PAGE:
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Stanley Eyre Bowdle, died April 6, 1919, Cincinnati.
Your Committee does report, and attach hereto, sketches of the life and character of the deceased members, which have been submitted to your Committee for report. Respectfully submitted,
Chairman. (For memoirs, see Appendix, page 118).
THE PRESIDENT:—The report will be filed with the Secretary for publication under the rules. The next order of business is the report of the Committee on Legal Education, George W. Rightmire, of Columbus, Chairman.
Chairman George W. Rightmire presented the following report on behalf of the Committee on Legal Education:
REPORT OF COMMITTEE ON LEGAL EDUCATION.
CEDAR POINT, OHIO, July 8, 1919. The Committee on Legal Education of The Ohio State Bar Association begs leave to submit the following report:
Your Committee has considered the reports submitted by its predecessors in the years 1916-17-18 and finds that the subjects of pre-legal, legal, and ethical training for candidates for admission to the bar have been carefully and earnestly presented to your attention. Consideration has also been given to the reports of the corresponding Committee of the American Bar Association in recent years and we find that important and progressive reforms have been adopted, and some proposals for further reforms are still pending before the Association.
The Carnegie Foundation, more than five years ago, began an investigation into the whole matter of legal education in the United
States on somewhat the same scale as the investigation into medical education conducted by it some years previously; the report of that investigation has been expected for several years, but has not yet been made public. When it is published it will doubtless be illuminating and may serve as a guide for further advances in requirements for admission to the bar.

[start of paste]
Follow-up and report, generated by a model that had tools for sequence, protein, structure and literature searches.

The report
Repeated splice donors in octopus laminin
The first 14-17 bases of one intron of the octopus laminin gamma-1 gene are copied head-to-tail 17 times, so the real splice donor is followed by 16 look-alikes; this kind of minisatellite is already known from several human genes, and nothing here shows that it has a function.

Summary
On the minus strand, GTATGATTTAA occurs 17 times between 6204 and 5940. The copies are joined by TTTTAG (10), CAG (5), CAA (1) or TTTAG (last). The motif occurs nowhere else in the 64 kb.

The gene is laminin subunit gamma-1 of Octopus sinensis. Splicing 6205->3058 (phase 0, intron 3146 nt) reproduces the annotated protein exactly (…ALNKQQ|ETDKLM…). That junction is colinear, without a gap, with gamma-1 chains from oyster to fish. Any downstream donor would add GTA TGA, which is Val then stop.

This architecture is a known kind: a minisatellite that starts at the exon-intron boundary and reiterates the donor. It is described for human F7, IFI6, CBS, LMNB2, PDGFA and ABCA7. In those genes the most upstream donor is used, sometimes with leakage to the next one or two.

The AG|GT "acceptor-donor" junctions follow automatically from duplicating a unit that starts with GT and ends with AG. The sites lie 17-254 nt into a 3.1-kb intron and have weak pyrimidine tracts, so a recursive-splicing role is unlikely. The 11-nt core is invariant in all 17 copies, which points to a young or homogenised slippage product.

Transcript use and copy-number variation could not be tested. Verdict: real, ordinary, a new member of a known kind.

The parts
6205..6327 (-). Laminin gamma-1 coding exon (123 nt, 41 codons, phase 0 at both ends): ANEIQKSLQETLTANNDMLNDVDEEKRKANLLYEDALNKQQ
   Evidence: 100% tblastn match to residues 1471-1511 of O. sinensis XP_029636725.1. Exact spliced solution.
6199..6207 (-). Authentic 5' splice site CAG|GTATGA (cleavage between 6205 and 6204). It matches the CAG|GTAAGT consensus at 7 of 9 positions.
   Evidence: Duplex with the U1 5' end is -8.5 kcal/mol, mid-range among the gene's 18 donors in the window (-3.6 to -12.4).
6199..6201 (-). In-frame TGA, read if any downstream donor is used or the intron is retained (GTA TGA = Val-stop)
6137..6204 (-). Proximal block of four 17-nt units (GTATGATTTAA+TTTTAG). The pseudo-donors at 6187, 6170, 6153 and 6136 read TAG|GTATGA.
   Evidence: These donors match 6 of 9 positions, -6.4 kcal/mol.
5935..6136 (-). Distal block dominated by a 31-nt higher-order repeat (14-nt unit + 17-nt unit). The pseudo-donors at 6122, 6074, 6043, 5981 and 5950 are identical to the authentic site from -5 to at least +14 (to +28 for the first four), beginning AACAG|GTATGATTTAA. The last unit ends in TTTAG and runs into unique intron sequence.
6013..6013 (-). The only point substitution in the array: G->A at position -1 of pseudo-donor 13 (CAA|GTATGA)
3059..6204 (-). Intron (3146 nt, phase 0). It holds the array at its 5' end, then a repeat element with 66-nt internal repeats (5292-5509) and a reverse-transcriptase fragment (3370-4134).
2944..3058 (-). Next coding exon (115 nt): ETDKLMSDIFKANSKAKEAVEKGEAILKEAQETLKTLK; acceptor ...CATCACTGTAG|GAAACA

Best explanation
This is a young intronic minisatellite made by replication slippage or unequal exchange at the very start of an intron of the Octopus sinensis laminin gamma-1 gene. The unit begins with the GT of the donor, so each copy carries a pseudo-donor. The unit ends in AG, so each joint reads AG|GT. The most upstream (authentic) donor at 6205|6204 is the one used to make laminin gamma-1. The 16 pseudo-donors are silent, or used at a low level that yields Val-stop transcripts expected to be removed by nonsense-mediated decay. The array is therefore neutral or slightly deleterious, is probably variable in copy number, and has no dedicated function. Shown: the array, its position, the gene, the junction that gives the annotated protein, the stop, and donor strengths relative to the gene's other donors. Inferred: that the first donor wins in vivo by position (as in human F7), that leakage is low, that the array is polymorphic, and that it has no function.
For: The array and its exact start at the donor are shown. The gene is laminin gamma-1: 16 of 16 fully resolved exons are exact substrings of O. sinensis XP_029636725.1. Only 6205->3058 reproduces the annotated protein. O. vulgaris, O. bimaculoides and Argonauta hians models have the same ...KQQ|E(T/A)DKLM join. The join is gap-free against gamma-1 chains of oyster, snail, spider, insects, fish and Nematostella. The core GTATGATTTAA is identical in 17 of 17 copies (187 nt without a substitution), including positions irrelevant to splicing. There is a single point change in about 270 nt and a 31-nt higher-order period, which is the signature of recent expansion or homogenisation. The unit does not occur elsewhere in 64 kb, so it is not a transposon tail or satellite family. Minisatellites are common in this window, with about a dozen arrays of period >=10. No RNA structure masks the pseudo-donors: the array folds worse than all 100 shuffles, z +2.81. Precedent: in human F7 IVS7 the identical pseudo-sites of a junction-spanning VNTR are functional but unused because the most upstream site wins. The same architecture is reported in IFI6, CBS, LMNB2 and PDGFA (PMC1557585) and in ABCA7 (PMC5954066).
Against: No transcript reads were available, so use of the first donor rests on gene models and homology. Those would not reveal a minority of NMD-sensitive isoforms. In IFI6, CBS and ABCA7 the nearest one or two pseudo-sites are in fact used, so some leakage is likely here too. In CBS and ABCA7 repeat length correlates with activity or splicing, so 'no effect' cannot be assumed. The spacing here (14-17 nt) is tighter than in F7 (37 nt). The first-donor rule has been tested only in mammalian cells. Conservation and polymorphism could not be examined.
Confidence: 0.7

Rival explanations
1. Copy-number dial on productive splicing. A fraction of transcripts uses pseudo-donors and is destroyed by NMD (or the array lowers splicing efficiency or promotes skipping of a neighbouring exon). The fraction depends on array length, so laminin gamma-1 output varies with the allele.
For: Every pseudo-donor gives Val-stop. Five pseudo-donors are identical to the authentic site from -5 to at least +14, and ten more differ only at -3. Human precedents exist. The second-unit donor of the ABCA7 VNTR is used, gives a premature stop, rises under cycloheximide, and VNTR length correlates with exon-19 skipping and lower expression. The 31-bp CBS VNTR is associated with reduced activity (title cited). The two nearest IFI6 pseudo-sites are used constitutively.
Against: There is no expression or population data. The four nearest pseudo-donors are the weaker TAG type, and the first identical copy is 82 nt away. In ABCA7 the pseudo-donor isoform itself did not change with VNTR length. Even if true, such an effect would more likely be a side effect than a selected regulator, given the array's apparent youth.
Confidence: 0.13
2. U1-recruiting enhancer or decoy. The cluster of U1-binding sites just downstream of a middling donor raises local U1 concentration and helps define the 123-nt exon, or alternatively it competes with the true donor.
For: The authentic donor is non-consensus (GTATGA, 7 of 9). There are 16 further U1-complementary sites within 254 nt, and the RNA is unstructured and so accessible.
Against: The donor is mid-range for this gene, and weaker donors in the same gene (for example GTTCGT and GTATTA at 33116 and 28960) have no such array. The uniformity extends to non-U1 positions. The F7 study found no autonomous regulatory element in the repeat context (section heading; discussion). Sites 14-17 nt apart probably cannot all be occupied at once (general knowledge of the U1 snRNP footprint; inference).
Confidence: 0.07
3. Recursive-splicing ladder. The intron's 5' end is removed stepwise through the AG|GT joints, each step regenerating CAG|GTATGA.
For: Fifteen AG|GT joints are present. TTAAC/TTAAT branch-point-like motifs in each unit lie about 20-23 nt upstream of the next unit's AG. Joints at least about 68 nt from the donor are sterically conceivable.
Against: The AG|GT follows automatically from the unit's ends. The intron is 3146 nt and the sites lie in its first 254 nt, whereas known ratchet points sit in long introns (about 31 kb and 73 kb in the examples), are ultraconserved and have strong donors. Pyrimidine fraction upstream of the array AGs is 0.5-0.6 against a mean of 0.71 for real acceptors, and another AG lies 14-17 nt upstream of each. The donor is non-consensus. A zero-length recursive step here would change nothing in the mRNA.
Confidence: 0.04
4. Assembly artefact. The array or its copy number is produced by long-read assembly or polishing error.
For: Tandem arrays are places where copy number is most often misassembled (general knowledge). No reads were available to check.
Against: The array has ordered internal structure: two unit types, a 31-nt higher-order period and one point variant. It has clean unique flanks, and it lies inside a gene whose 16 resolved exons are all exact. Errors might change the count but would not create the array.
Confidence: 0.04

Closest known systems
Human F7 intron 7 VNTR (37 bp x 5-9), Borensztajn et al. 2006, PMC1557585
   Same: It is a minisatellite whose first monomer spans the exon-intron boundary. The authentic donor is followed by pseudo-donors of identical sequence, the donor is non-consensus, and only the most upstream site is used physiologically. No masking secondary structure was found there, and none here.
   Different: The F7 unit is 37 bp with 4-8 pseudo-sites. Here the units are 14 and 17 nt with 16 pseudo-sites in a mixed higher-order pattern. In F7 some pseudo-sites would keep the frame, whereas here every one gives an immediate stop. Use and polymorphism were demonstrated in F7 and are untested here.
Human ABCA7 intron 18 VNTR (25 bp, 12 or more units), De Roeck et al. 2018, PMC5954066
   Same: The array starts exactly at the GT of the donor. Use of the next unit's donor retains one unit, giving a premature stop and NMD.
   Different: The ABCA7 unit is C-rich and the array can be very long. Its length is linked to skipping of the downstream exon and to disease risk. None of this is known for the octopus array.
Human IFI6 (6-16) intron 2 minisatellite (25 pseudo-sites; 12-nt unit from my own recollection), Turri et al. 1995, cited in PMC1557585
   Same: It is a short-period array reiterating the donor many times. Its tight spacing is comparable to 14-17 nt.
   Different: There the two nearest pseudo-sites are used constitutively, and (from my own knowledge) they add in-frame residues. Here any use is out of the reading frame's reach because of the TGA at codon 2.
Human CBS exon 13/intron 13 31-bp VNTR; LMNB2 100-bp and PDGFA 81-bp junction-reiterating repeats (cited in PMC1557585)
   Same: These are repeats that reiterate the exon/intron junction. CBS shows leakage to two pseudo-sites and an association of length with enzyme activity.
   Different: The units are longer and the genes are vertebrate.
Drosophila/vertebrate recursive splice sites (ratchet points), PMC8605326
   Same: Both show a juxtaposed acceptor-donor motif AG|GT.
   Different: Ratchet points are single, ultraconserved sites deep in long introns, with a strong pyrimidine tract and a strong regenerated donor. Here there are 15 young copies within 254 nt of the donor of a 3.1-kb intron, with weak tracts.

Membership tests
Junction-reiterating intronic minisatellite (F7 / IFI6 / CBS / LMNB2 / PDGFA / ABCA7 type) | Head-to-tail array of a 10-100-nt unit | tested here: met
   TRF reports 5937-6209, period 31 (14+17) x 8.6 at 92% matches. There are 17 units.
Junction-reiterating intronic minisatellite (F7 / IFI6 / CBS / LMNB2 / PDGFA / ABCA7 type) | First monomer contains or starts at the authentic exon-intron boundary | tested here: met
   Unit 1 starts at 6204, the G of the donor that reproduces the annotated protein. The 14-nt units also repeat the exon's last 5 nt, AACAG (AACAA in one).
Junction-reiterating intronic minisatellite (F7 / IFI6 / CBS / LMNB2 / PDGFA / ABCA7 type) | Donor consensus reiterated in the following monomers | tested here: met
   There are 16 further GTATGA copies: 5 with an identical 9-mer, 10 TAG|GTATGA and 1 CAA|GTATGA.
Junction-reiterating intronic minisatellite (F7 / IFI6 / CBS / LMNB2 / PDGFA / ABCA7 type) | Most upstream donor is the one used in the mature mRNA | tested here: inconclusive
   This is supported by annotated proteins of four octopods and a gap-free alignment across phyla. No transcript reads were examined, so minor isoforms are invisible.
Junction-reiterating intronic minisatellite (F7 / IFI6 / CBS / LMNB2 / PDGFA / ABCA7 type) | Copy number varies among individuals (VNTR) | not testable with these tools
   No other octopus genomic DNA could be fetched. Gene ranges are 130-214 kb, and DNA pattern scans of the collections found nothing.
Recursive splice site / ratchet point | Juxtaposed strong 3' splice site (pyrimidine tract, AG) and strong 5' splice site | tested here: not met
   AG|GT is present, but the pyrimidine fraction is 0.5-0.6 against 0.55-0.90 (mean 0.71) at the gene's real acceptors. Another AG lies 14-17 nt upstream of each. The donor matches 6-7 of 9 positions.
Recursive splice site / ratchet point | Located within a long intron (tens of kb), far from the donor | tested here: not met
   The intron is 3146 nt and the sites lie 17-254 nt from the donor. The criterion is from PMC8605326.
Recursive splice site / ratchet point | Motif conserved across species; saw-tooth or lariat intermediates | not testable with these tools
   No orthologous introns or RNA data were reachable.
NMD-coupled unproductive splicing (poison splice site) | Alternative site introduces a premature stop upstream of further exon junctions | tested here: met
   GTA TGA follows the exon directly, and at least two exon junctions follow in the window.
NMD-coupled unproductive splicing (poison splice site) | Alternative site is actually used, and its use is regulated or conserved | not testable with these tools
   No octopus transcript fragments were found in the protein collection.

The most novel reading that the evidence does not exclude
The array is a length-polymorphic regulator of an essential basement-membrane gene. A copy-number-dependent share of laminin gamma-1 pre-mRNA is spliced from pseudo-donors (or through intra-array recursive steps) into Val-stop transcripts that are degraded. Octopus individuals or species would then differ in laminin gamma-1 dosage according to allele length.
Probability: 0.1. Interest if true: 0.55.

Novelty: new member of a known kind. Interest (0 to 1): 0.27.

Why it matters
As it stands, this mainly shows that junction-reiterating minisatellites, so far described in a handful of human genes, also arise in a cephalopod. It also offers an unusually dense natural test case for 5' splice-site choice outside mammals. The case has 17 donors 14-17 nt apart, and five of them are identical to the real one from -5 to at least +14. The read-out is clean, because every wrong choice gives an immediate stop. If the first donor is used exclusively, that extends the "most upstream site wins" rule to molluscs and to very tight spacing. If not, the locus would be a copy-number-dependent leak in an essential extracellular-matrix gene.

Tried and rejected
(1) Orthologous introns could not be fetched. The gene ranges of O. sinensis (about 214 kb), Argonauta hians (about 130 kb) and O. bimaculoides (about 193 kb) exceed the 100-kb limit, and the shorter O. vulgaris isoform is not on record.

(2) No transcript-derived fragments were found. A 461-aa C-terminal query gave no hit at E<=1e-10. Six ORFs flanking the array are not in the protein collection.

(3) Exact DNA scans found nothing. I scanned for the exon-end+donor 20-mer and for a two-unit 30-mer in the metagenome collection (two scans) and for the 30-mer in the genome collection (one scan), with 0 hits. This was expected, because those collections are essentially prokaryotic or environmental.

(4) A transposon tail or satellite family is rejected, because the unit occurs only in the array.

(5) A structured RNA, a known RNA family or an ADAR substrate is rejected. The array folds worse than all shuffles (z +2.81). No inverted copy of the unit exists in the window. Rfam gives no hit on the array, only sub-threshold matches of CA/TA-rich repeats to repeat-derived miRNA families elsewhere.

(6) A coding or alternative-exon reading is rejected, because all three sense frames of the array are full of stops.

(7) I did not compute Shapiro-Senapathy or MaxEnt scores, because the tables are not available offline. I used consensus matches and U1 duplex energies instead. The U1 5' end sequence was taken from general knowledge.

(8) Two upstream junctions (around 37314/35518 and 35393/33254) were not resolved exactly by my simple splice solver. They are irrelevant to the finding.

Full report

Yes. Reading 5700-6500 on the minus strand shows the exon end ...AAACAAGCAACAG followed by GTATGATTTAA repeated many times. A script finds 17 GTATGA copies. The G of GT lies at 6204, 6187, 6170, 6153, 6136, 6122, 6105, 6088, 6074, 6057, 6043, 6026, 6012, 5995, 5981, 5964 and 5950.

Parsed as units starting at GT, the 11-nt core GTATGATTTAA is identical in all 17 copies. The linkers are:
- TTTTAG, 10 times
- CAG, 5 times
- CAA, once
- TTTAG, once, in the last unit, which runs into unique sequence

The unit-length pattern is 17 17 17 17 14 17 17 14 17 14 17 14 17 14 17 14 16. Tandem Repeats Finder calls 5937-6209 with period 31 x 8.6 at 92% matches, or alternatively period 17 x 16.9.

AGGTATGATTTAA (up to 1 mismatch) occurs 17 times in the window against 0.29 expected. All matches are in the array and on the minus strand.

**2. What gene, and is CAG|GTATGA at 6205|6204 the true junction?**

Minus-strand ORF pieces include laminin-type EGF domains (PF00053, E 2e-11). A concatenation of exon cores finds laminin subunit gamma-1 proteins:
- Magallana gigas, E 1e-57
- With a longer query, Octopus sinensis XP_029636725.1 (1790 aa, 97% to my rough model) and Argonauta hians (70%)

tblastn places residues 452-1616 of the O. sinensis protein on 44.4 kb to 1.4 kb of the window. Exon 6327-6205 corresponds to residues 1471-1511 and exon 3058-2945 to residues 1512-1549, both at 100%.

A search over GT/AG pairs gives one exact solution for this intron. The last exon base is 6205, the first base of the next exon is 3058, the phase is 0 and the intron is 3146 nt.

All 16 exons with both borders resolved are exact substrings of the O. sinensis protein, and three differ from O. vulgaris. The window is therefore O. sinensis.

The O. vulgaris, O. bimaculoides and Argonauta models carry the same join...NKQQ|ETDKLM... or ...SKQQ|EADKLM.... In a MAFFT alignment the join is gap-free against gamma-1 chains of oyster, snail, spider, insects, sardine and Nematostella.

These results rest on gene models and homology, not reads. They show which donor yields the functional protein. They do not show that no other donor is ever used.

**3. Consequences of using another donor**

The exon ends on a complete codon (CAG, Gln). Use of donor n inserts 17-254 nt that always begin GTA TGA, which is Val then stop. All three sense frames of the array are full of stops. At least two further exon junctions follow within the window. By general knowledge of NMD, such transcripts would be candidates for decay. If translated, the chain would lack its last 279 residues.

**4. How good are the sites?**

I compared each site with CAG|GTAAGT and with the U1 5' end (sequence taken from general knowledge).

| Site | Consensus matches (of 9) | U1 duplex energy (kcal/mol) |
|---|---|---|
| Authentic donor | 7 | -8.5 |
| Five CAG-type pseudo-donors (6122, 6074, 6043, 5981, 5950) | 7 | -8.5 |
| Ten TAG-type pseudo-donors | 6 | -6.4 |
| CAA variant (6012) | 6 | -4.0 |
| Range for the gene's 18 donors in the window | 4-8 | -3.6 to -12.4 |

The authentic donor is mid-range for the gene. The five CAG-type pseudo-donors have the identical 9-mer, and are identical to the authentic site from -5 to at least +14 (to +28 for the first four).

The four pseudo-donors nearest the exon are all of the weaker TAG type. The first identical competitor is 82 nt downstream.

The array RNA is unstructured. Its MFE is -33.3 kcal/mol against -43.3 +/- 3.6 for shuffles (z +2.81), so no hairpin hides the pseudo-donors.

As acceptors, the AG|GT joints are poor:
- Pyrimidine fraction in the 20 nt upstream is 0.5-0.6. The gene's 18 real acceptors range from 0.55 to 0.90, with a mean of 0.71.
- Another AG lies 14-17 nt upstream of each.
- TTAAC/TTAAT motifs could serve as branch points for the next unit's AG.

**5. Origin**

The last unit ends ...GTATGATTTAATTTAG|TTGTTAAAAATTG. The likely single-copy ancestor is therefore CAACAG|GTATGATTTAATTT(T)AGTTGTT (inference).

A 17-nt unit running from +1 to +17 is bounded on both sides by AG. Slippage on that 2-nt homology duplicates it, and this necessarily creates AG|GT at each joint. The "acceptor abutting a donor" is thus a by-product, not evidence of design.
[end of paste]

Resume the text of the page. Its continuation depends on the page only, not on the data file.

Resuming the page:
Your Committee has also conducted a partial investigation into records at the office of the clerk of the Supreme Court of Ohio, showing the qualifications of candidates for admission to the bar. This is a matter requiring much time and patience, and has not progressed far enough to justify any conclusions. The desire of the Committee is to study the records for the past ten years and ascertain whether they indicate conditions which need improvement.
In view of this situation your Committee presents this merely as a report of progress and recommends: (1) that the Committee on Legal Education proceed with the investigation into the records mentioned at the office of the clerk of the Supreme Court; (2) that the Ohio State Bar Association approve the resolutions adopted by the American Bar Association prescribing advanced requirements in legal and ethical training for admission to the bar, and tender its support to the American Bar Association in its effort to awaken a dynamic interest in the educational and ethical improvement of the bar.
Chairman ELAM FISHER
Secretary CHESTER W. MERRILL
This report will be received and further consideration deferred.
JOHN F. CARLISLE, of COLUMBUS:- Mr. President and Gentlemen, I desire to submit to the Association at this time the following resolution:
CEDAR POINT, OHIO, July 8, 1919. WHEREAS, the General Assembly of the State of Ohio has recessed until December 1, 1919, and
WHEREAS, a number of laws have been passed by the Eightythird General Assembly, which in the natural course of affairs, would not be printed in the form of session laws until after the final adjournment of the General Assembly, and
WHEREAS, there is a great need for these laws, especially on the part of Attorneys throughout the State, and others interested in the effect of them, be it therefore